What about reliability of Pockels cells, what issues may appear during operations?

A Pockels cell is selected for a specific laser and its application. A number of criteria are taken into account, such as required pulse parameters, repetition rate, driving voltage, contrast ratio, switching speed, damage threshold and others. An important parameter is the intensity distribution in the laser beam cross section. The threshold of the cell damage by a laser beam is determined for the beam with homogeneous or Gaussian intensity distribution.

A number of devices using solid-state lasers use a multimode beam. The intensity distribution in the cross-section of such a laser beam contains a lot of spikes with peak power densities well above the average value. This is a source of damage of the crystal (and windows with AR coatings) by causing multiple autocollimation trains inside the material. In such lasers, the permissible power of the laser pulse should be selected very carefully.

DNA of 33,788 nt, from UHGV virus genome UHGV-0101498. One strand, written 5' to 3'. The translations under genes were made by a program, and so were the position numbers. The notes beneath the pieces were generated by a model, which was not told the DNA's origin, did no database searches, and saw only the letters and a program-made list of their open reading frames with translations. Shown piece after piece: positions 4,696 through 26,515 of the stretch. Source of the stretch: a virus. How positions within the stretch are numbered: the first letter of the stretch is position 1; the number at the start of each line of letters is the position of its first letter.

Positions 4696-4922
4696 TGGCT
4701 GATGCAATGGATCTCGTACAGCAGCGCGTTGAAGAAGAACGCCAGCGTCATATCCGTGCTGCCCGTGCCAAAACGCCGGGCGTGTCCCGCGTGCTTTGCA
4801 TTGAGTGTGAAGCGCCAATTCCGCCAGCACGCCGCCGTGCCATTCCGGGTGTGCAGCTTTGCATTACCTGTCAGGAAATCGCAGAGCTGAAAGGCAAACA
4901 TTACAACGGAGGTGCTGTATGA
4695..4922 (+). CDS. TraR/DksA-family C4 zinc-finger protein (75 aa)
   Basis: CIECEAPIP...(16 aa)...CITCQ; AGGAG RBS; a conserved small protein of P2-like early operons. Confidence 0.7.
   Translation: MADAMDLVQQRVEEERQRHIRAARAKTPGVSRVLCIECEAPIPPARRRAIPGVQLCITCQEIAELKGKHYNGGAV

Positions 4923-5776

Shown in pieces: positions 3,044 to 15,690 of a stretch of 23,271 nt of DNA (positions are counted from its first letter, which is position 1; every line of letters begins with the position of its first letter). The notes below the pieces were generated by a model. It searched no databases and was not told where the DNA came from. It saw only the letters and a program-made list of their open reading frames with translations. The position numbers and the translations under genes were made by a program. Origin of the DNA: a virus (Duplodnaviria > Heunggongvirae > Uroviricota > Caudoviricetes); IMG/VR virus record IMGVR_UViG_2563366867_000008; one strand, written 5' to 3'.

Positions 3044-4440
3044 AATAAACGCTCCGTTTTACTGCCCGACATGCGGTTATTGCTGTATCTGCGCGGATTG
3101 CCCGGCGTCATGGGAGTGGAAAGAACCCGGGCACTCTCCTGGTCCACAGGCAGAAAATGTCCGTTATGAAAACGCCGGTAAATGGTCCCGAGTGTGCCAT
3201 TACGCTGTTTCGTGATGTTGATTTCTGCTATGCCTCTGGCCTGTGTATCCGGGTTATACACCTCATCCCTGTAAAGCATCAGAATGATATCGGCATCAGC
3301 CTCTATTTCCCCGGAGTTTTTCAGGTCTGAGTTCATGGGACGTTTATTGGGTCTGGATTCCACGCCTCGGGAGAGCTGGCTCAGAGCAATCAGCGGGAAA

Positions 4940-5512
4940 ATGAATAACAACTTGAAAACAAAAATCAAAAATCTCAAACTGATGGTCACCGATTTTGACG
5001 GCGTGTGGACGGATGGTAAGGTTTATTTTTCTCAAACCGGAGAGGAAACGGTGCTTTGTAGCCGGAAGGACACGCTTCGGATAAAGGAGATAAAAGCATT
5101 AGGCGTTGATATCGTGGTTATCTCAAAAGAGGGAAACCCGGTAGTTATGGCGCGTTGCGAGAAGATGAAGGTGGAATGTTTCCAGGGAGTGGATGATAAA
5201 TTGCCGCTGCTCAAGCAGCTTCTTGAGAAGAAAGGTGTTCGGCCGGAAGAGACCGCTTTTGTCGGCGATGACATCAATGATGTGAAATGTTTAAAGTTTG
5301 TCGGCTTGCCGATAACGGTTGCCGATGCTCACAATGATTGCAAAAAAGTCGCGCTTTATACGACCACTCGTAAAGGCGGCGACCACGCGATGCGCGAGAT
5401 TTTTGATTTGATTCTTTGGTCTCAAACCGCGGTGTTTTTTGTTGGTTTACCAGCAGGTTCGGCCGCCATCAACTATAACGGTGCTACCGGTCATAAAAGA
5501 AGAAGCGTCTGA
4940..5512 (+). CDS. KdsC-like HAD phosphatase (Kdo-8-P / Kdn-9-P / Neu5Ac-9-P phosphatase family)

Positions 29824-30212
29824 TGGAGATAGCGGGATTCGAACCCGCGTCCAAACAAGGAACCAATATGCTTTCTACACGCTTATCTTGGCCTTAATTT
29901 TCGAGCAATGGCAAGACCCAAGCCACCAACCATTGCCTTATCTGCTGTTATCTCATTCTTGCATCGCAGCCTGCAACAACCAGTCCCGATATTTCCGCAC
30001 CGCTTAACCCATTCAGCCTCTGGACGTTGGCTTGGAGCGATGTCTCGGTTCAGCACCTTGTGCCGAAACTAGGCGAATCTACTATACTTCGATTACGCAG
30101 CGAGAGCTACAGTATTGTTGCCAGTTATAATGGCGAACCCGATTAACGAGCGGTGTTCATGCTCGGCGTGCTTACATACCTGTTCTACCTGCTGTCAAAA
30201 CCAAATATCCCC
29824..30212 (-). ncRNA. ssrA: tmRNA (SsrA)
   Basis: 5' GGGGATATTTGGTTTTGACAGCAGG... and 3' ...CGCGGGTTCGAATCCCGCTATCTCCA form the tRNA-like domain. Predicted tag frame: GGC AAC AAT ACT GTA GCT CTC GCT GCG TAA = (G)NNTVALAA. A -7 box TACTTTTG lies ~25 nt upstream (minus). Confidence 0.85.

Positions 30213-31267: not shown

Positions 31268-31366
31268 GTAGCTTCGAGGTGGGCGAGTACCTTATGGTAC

How long can Pockels cells work effectively?

By using Pockels cells in accordance with the specifications, and taking care of the quality of the transmitted laser beam, they can work for many years.

In the case of KDDP crystals, which are hygroscopic, it is important to protect the crystal against the influence of atmospheric moisture. This technology can extend the life time of the cell and is an important issue for designers.

For that reason KDDP Pockels cell should not operate with a constant applied voltage. Such a type of operation is specifically not recommended and significantly shortens the lifetime of the cell.

Ultimate lifetime of the cell is eventually determined by the damage of crystal and protective windows.

Dr Wodnicki, thank you for the interesting talk!